JEFF BROOMES: Speaking and writing well matter
There are very few things that anyone does every day.
In my case, there are two. I watch television and read the newspaper without exception.
I often feel stranded up the river without a paddle if my television set is down or if my paper delivery is not made.
This is my daily food from which I get great nourishment. Sometimes, however, the taste is spoiled by skin-grating speech or the piercing written words.
Our television personalities and newspaper writers must accept their role as example setters and models for the wider society, especially the young developing minds. As they hear their heroes on television speak so do they.
This is also true for what they read in the newspapers.
I will today step into the world of presumptuousness and seek to offer advice relative to some of the major speech and writing errors with which we are often presented. I hope these next two articles are also read by students, especially those preparing for CSEC and Common Entrance.
It is quite common and disturbing to hear speakers on television use the phrase, “between you and I.” This is wrong and should never be stated. The word between is a preposition, a part of speech that, with a few exceptions, must be followed by an object pronoun.
As we speak and write, we must remember that “I” is a subject pronoun but “me” is the object pronoun. Hence, the correct expression must always be “between you and me!”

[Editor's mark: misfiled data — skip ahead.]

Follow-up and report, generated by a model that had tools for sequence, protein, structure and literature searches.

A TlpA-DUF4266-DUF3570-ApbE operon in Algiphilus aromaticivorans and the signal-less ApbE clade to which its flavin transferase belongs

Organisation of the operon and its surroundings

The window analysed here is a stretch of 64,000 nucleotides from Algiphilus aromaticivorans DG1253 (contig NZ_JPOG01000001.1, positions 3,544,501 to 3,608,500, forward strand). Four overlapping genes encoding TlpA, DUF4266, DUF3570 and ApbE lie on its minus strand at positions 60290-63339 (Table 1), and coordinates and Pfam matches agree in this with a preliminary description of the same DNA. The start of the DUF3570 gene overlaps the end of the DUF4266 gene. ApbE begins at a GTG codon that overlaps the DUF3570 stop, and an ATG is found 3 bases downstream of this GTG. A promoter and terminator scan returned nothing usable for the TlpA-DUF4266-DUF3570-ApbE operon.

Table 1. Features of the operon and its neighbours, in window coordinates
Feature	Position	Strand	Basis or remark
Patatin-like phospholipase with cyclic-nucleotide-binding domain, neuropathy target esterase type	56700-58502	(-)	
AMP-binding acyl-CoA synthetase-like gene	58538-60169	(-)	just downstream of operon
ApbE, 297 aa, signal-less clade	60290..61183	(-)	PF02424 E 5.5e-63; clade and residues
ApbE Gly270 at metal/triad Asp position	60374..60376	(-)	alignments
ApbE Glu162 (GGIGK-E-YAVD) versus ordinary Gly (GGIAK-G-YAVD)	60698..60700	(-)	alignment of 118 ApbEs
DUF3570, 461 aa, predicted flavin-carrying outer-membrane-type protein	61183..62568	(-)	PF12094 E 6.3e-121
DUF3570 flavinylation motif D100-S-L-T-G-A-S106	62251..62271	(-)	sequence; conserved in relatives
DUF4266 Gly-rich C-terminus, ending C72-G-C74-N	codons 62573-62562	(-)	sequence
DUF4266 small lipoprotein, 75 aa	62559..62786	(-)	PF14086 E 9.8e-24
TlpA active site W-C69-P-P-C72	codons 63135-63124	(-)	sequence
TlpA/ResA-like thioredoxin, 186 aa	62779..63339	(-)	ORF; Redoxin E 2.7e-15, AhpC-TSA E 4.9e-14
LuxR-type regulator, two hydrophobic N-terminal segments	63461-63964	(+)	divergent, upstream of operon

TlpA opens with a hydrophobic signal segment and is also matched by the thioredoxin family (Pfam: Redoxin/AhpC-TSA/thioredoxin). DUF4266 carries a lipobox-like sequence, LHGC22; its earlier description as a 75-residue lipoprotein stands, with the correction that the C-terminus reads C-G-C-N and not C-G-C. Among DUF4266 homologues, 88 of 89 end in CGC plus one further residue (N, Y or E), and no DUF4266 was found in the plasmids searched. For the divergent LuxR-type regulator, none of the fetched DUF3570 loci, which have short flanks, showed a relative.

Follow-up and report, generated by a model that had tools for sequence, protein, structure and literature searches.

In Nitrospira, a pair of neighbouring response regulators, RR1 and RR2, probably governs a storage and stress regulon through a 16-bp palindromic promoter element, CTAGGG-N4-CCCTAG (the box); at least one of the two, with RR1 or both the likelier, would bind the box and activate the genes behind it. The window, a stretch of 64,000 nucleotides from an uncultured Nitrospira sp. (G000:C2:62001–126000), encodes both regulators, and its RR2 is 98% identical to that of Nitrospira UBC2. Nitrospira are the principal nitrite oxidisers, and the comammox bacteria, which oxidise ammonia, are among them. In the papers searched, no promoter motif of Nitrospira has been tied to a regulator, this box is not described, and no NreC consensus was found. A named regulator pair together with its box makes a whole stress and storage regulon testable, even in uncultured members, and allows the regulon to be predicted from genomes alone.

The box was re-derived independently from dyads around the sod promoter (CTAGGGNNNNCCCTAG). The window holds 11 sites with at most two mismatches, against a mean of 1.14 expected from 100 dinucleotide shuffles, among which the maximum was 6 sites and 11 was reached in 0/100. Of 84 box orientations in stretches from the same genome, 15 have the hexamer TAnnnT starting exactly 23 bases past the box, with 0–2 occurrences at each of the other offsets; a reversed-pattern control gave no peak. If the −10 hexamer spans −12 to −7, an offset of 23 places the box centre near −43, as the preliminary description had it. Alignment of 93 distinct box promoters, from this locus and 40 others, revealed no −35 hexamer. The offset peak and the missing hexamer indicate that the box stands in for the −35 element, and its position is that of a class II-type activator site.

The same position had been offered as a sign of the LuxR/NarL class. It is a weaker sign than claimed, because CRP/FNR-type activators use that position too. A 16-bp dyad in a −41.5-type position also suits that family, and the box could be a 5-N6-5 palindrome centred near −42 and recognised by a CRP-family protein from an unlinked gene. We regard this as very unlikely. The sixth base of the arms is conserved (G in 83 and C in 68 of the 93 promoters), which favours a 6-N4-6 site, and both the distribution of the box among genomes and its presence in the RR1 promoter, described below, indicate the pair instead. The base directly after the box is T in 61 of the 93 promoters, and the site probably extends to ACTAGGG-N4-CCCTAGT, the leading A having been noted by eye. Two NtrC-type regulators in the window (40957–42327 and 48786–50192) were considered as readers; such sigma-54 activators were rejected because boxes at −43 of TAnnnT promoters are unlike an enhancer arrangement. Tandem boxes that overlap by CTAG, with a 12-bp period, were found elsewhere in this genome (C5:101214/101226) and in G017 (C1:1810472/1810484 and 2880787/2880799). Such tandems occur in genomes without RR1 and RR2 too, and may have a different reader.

Recently, I listened in horror as one participant in a radio programme argued that the word “number” must always take a singular verb. His support was that he was taught that from primary school. I heard myself saying, “You were badly taught.”
There is a simple guiding principle here, if the word number is preceded by the definite article (the) it indeed takes the singular verb. If, however, it is preceded by the indefinite article (a) it takes the plural verb. Hence, “The number of children here today is forty,” but “A number of boys are on the block.”
Last week as I read the newspaper I was presented with this sentence, “They were not licenced to drive through that village.” This showed a lack of knowledge of the use of such words.
Words that interchange the letters “c” and “s” carry the “c” when being used as a noun or an adjective and the “s” when being used as a verb.
The word “licenced” in the given sentence is being used as a verb and should therefore carry the letter “s.”
The American television stations often overwhelm me with pain. As President Obama exited the plane in Havana, one objector was quite vocal. He was strong in his position that there were still too “much” arrests of dissidents. His intent may be correct but his expression was poor.
Antecedents of countable and non-countable nouns are very specific. Words that carry a singular and a plural can never be preceded by the word “much” which goes with words that carry no plural. Instead, the word to be used there is “many”.
Hence, there may be much disruption but many arrests.
Understanding of these areas is important and will be continued, because speaking and writing well matter!
Jeff Broomes is an experienced educator, principal and community organiser who also served as vice-president of the BCA and director of the WICB. Email [email protected]